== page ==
After 18 long months of work, the Buena Vista Historic Preservation Commission has reached the stage where it shared some of its findings with Buena Vista Trustees during a Feb. 11 work session. But the work is not done; the commission will incorporate Trustee’s edits for re-release by March 20, for public review and comment during an open public meeting. It hopes to deliver the formal draft recommendation document by early April 2020.

The historic roof lines and cupola of the Buena Vista Museum recently went through a historic restoration, returning the cupola to its original appearance. (Photo by Jan Wondra)

The commission was formed in 2018, because of the town’s interest in preservation and desire for real guidelines to fulfill the mandate of the Buena Vista Comprehensive Plan.

The goal: to maintain the architectural heritage of the community, protecting sightlines and the integrity of both historic structures, as well as the historic character of the main downtown area.

The process, begun in Sept. 2018 by commission leader Dan Cartwright, has been extensive and transparent. There have been four public hearing sessions, social media and email interaction from the public and input from Main Street property owners.

The boundaries of the historic area covered by the proposed guidelines are East Main, from U.S. 24 to the intersection with South Main, and one block north of Main to include the alleyways. The area roughly overlays the old town zone. “The thinking here was to start small, protect the key assets, and protect the old town before going bigger,” explain the commission members.

The document presented during the work session compared the proposed architectural design guidelines for the downtown area, against the unified development code (MU-MS). The draft recommendations from the Historic Preservation Commission:

  • New construction appearing similar in scale to traditional historic structures on historic East Main with a 30 ft. maximum height
  • Use of preferred traditional materials, primarily brick, wood horizontal bevel or clapboard siding. No rock, stone, block, stucco, vinyl or aluminum siding;
  • Protection of views to the mountains and historic landmarks from public roadways;
  • Muted paint colors; preferably traditional colors that match those found in nature
  • Acceptance of preservation methods, restoration and replacement of historic building exteriors
  • Roofs and roofing similar to historic materials; gable and flat roofs with false front parapets are appropriate (but gambrel, mansard and hip roofs are inappropriate)

Among the topics during the hour-long discussion, was a healthy debate over building heights of new construction on Main Street. Some members of the public advocated for more height, and others made the case to follow the commission’s recommendation to limit building heights for new construction to 30 feet. The rationale for that recommendation; it minimizes the difference between the historic one-story structures along the street, such as the Lobeck Bakery, and new buildings taller than two stories.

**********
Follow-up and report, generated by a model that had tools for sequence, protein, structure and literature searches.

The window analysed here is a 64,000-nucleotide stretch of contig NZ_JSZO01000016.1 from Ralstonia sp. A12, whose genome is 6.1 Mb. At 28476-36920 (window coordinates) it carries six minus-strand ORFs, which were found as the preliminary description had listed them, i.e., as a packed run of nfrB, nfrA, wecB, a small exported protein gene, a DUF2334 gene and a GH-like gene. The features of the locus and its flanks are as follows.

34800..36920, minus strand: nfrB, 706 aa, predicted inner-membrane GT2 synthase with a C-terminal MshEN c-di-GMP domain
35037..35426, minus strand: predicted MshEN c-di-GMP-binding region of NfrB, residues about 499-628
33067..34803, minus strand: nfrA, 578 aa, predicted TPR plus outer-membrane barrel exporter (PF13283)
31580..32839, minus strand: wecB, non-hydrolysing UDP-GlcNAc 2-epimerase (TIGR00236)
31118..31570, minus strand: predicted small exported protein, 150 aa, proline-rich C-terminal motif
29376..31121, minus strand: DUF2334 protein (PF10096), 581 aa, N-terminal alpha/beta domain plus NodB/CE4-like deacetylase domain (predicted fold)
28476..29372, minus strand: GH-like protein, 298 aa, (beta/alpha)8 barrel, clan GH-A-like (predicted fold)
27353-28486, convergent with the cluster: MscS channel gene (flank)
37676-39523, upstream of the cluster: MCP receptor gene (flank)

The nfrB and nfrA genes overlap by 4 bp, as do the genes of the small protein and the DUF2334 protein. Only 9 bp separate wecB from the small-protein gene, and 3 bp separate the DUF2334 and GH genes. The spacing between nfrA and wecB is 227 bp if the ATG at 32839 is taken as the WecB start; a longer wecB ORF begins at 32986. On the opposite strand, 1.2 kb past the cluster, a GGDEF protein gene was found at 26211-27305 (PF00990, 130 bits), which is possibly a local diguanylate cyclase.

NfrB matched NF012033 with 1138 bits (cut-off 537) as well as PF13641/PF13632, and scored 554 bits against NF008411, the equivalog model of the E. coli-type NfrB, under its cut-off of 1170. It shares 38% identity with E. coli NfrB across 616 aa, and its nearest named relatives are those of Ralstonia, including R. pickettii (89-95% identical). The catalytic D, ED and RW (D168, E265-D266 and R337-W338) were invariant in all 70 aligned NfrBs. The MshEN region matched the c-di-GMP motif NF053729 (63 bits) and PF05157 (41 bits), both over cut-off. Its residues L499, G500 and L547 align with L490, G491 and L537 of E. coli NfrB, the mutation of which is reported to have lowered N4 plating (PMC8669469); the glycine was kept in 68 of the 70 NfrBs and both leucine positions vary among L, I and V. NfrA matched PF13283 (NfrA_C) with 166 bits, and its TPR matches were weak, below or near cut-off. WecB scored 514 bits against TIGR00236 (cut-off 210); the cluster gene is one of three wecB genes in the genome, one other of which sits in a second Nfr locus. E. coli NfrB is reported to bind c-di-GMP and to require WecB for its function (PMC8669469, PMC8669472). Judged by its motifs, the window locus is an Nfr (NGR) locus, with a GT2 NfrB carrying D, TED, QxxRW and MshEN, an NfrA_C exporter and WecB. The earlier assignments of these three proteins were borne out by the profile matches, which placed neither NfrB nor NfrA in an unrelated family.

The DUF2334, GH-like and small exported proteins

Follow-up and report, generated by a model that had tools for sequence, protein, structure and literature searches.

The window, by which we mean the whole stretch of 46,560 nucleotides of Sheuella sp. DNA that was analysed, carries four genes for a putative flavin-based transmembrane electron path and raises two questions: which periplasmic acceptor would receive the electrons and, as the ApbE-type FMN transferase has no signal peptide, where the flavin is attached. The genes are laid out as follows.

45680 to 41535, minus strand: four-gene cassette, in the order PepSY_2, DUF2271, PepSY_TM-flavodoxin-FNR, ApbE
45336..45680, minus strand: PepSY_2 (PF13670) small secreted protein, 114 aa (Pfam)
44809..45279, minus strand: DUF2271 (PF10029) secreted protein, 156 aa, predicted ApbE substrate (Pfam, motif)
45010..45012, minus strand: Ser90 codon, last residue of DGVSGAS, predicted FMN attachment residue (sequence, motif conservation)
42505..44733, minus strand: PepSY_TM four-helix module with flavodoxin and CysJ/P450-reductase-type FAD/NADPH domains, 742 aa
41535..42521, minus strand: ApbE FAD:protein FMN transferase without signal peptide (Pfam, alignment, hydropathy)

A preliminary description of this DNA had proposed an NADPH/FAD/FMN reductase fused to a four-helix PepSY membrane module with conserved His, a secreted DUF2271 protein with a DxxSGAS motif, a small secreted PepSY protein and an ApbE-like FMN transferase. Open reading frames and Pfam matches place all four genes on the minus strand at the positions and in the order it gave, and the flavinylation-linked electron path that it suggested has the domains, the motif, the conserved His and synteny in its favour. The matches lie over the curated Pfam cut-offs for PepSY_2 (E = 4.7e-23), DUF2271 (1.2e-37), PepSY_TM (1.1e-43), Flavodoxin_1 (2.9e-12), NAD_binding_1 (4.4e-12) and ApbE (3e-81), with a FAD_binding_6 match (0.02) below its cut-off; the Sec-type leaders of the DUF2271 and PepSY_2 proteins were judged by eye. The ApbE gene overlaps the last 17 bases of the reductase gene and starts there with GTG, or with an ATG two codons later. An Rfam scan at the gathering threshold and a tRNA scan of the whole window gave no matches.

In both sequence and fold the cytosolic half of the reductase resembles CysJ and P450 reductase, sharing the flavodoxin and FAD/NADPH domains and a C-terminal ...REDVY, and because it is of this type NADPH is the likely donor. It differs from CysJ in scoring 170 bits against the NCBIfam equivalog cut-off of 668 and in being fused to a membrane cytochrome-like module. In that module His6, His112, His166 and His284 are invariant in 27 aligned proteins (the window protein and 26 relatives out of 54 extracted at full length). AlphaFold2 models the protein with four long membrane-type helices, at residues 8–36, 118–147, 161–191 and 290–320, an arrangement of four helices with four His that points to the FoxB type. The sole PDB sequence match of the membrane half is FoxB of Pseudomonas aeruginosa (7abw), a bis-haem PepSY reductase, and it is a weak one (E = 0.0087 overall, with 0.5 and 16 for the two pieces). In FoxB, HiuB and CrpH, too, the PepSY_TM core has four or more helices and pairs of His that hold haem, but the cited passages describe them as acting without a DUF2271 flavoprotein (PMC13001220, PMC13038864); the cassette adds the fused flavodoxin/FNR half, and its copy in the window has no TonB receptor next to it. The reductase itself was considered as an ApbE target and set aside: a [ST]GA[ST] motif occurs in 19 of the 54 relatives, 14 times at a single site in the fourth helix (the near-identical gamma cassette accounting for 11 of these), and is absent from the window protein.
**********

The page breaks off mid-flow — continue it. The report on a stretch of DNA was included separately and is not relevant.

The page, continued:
Those advocating for at least 35 ft. building heights (with a few asking for a maximum of 40 ft. for front-facing parapets) said that limiting new construction to 30 ft. buildings do not make economic sense for property owners. They pointed out that at that height, it was difficult to place a second-story apartment or condo unit above a retail space, which is important to the business decision to build in the first place.

Proponents of the draft guidelines talk about mass and scale – describing it as “the human scale of buildings.” They raise the feeling of walking down East Main and getting a sense of welcome. Commission members say they have studied building heights in 20 historic municipalities across the state and the scale averages about one and one-half stories tall.

Historically, Buena Vista’s building heights on Main Street have been limited to preserve sightlines to the majestic mountains to the west, as well as not to overwhelm the rooflines and cupola of the Buena Vista Museum, which began life as the Chaffee County Courthouse.

At present, say, commission members, the only local landmark buildings on East Main that are protected on historic registries are the old Jail House and Town Hall, the Court House and the old Mother’s Building. The only structure that is 100 percent protected is the Jail House.

The Historic Preservation Commission points out that the guidelines concerning existing landmarks intend to provide information to those property owners about accepted best practices, to help preserve their historic asset and its value. The guidelines are not at this time perceived to be mandatory.

Following feedback during the work session with Buena Vista Trustees, the commission is incorporating their comments and plans to have a draft recommendation ready by March 20. At that point, it will be released to the public, and a public meeting and comment period will begin.